Gregoire also said the science on the issue has changed. The American Medical Association reversed its position two years ago and now supports investigation and clinical research of cannabis for medicinal use.
Gregoire said she was on a phone call in August with other governors in medical marijuana states and said that there was a “huge volume” of interest.
“I have every expectation that you will see other governors join us,” she said.
Vermont Gov. Peter Shumlin plans to sign the petition and write a letter in support of the proposed change, said spokeswoman Susan Allen. Gil Duran, a spokesman for California Gov. Jerry Brown, did not have an immediate comment when asked about the petition Wednesday.
“The governors in Washington and Rhode Island raise a valid conflict that needs to be resolved,” said Eric Brown, a spokesman for Colorado Gov. John Hickenlooper. “Colorado law requires we make a similar ask of the federal government by Jan. 1. We will do that. We will also continue to consult with other governors on this issue and with Colorado’s attorney general before deciding whether anything else will be done.”
Other governors did not immediately respond to requests from The Associated Press.
There is currently an effort in Washington state to decriminalize and tax recreational marijuana sales for adults. Initiative 502, which has been endorsed by two former Seattle U.S. attorneys and the former head of the FBI in Washington state, would create a system of state-licensed growers, processors and stores, and would impose a 25 percent excise tax at each stage. Adults 21 and over could buy up to an ounce of dried marijuana; one pound of marijuana-infused product in solid form, such as brownies; or 72 ounces of marijuana-infused liquids. It would be illegal to drive with more than 5 nanograms of THC, the active ingredient of cannabis, per milliliter of blood.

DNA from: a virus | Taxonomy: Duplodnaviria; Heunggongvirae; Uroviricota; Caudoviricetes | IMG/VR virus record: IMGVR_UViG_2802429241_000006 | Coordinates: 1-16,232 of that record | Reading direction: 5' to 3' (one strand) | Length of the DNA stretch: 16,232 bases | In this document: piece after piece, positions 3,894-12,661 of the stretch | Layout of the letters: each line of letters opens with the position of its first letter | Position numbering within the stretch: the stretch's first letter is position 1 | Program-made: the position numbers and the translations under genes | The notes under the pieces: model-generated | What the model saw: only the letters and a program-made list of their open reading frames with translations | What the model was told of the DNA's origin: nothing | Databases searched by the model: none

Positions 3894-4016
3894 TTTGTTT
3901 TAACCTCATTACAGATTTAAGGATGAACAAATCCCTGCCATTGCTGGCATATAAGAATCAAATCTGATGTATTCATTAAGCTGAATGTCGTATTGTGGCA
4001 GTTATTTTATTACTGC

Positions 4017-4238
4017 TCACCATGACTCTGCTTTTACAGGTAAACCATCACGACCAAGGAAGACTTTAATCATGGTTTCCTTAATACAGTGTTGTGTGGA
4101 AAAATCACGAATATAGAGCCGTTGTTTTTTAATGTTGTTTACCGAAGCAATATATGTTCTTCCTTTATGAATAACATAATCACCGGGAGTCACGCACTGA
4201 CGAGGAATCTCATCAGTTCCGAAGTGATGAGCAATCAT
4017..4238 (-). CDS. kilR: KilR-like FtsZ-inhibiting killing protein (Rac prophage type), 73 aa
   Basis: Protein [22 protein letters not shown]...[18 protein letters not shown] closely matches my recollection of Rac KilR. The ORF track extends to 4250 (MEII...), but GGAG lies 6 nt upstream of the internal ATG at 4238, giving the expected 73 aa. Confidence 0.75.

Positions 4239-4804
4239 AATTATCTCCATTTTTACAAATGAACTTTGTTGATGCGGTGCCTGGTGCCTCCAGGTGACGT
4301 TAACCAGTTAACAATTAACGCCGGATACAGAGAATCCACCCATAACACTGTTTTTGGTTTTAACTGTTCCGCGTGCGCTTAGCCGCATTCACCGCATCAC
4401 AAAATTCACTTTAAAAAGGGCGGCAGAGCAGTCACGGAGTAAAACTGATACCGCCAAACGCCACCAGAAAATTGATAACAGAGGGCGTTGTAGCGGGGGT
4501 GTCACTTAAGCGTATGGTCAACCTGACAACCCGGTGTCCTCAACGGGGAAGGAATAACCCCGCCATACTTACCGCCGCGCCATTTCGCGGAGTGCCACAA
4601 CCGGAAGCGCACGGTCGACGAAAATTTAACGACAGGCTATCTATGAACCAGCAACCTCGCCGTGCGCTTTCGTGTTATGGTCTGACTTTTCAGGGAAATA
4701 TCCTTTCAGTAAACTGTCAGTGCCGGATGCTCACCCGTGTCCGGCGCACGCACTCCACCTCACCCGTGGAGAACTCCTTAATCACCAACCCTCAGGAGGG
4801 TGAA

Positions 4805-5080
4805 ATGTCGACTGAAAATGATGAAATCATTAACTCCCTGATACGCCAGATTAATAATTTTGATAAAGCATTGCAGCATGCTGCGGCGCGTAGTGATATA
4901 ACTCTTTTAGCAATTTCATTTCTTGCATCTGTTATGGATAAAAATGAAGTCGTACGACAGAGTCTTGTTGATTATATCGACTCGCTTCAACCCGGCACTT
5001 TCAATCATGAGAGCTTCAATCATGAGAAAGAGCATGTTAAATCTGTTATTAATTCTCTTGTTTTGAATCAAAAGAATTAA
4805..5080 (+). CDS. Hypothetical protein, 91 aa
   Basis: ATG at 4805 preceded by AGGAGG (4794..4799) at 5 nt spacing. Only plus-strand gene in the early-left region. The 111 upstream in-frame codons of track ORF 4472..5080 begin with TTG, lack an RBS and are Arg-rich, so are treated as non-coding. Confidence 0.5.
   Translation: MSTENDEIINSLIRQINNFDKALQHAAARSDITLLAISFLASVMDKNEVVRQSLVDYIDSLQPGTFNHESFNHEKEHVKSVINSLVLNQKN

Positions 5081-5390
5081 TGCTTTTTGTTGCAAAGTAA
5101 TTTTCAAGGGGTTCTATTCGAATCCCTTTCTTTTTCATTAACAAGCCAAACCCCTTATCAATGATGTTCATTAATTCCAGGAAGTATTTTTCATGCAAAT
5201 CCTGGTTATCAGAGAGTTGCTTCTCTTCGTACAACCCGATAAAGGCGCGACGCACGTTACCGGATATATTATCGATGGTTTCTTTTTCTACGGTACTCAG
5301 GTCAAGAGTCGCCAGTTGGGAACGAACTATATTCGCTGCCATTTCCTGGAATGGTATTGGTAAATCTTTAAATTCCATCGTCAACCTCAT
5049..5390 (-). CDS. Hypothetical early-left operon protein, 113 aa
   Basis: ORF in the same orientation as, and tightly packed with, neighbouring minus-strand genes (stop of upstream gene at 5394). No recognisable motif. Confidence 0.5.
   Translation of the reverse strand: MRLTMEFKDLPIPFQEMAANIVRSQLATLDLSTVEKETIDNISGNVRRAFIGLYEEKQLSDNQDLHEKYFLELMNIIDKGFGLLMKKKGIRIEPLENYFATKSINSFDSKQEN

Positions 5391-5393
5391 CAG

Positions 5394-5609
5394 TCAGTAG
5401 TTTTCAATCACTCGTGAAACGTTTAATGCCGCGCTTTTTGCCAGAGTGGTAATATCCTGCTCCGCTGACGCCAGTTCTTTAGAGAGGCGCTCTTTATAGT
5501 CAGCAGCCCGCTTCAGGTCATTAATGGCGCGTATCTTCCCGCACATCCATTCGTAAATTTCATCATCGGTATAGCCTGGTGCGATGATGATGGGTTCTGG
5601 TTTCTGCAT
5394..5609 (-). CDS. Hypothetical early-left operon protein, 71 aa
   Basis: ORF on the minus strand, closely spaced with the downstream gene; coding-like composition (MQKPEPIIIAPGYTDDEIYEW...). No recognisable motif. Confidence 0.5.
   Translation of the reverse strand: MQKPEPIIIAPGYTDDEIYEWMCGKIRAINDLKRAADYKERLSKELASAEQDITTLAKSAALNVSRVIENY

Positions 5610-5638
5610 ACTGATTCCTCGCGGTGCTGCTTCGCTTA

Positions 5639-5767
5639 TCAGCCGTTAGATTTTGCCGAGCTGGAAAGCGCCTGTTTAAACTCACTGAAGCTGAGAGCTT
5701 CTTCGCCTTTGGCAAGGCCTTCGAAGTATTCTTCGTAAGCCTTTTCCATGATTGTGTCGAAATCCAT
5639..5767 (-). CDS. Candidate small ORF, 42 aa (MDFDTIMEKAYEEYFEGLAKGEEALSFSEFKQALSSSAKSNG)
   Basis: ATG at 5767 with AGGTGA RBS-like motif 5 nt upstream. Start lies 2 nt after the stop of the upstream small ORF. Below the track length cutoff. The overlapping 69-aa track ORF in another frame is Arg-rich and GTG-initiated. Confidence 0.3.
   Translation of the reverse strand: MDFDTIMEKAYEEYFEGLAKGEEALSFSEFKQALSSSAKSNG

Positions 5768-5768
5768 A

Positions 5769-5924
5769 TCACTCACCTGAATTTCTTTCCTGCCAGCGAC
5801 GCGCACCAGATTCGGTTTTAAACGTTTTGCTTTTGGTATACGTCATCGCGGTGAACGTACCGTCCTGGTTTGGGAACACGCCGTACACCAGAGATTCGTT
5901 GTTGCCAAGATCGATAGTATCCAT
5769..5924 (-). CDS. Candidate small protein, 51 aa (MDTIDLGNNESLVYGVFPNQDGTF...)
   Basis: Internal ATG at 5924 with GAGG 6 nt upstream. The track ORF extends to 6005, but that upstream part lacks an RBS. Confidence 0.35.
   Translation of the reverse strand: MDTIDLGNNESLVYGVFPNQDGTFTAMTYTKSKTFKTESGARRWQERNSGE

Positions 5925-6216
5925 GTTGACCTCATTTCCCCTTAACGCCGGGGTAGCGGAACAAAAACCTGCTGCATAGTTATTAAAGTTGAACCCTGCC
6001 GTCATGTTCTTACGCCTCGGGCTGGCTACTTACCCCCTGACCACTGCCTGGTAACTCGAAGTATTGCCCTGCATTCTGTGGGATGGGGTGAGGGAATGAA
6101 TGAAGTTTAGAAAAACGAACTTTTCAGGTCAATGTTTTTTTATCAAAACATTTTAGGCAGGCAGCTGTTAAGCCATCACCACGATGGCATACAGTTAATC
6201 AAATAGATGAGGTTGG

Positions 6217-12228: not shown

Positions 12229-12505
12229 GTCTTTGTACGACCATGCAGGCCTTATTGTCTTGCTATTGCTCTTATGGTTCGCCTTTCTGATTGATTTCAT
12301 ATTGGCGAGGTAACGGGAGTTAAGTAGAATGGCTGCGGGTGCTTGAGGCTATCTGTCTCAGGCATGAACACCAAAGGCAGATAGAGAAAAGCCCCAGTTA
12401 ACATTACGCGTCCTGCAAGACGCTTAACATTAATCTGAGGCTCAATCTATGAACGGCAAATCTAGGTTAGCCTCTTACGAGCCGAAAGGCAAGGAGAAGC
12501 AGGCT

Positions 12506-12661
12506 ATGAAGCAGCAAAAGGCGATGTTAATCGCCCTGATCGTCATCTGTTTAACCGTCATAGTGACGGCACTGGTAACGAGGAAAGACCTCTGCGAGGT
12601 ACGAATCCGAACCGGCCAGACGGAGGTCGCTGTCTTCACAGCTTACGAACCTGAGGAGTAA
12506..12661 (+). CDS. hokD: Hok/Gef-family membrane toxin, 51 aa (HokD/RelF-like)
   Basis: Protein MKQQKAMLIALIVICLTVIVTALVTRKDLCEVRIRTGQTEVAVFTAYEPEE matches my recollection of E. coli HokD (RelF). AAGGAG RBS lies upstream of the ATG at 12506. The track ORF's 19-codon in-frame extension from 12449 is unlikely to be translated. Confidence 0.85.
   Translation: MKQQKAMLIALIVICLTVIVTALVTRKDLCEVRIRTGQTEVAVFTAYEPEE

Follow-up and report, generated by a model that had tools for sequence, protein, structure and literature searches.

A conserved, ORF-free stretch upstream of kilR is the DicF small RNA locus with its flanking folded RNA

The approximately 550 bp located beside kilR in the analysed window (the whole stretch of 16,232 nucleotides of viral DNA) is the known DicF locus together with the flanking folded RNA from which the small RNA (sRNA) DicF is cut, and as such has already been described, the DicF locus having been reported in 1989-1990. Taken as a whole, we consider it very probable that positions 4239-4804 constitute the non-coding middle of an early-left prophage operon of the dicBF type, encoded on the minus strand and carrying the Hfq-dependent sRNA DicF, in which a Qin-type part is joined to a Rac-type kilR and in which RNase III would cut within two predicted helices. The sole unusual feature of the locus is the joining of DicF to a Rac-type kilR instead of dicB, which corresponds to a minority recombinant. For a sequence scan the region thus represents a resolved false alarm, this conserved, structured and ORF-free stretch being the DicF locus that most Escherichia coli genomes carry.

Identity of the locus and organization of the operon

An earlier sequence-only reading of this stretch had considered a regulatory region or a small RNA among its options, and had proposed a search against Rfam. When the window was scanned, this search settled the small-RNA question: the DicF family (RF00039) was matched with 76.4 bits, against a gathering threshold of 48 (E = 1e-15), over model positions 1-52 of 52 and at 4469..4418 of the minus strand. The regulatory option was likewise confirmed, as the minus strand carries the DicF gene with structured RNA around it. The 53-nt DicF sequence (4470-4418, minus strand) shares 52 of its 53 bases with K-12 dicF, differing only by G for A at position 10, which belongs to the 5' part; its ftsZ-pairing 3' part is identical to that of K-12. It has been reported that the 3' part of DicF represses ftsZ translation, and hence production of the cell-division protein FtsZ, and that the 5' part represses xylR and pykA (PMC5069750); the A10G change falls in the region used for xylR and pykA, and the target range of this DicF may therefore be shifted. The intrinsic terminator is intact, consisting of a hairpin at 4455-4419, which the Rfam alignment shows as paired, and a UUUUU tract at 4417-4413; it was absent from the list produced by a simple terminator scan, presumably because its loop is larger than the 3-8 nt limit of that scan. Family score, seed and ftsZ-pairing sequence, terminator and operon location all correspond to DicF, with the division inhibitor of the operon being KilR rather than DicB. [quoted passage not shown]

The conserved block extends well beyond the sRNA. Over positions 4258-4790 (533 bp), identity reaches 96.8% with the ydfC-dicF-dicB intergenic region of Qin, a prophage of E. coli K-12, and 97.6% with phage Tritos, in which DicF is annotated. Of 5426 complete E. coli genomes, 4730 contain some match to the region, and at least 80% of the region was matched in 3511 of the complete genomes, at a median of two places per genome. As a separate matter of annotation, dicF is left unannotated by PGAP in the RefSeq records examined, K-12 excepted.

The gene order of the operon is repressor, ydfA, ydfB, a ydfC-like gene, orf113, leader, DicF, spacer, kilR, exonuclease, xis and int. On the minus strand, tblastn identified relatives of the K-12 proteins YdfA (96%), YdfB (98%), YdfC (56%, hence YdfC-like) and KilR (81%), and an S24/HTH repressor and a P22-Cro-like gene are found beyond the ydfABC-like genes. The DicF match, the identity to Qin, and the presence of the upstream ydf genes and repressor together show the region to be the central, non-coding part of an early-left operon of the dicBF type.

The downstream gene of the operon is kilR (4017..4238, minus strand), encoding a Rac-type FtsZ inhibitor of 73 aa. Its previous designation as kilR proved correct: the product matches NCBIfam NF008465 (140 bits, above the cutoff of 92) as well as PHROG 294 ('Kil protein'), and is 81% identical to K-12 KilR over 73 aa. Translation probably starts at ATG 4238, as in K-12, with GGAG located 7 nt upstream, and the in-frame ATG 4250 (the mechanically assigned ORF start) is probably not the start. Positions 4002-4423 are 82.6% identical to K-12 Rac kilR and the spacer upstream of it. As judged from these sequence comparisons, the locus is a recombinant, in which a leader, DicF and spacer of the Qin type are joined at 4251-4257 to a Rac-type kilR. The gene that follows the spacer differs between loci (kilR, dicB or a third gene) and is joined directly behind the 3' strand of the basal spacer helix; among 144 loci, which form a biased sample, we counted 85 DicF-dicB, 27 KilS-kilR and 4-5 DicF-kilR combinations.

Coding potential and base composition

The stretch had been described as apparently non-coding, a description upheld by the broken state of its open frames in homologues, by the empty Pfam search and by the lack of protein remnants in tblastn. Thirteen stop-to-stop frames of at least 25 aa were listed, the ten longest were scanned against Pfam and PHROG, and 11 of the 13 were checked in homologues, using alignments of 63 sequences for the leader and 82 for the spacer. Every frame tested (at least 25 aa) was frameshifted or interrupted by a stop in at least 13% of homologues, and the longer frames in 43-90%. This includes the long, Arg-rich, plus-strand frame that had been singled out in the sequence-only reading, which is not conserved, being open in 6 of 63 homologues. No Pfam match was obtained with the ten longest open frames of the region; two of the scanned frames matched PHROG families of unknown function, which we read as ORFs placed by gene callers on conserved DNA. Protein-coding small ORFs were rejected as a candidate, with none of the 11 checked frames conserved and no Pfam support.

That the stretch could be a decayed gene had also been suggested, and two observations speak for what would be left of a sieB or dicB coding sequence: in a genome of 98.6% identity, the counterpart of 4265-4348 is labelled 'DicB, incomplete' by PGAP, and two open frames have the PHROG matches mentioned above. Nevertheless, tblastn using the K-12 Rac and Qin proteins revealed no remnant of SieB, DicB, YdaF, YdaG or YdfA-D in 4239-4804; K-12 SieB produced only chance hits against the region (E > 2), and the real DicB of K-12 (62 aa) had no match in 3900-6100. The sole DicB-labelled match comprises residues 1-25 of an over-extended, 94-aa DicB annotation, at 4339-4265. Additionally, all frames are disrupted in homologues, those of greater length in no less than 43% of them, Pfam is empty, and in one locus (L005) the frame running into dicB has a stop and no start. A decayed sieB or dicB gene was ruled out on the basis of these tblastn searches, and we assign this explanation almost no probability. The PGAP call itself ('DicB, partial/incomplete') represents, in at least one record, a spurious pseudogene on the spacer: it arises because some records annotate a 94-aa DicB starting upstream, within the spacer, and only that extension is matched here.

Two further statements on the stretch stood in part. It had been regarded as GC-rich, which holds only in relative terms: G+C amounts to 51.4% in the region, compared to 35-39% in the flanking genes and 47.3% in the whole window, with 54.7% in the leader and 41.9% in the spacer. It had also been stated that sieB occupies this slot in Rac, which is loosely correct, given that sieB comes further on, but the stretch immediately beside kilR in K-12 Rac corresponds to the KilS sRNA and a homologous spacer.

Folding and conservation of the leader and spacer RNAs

Sponsors need to collect more than 240,000 valid signatures by Dec. 30 to place the measure before the Legislature early next year. If the Legislature doesn’t take up the issue, it automatically goes to the November ballot.
When asked about the initiative, Gregoire said her focus was on medical marijuana, and how to “get relief that is safe and readily available to these patients.”
Rachel La Corte can be reached at http://twitter.com/RachelAPOly. Associated Press writers Juliet Williams in Sacramento, Calif., Dave Gram in Montpelier, Vt., and Kristen Wyatt in Denver contributed to this report.
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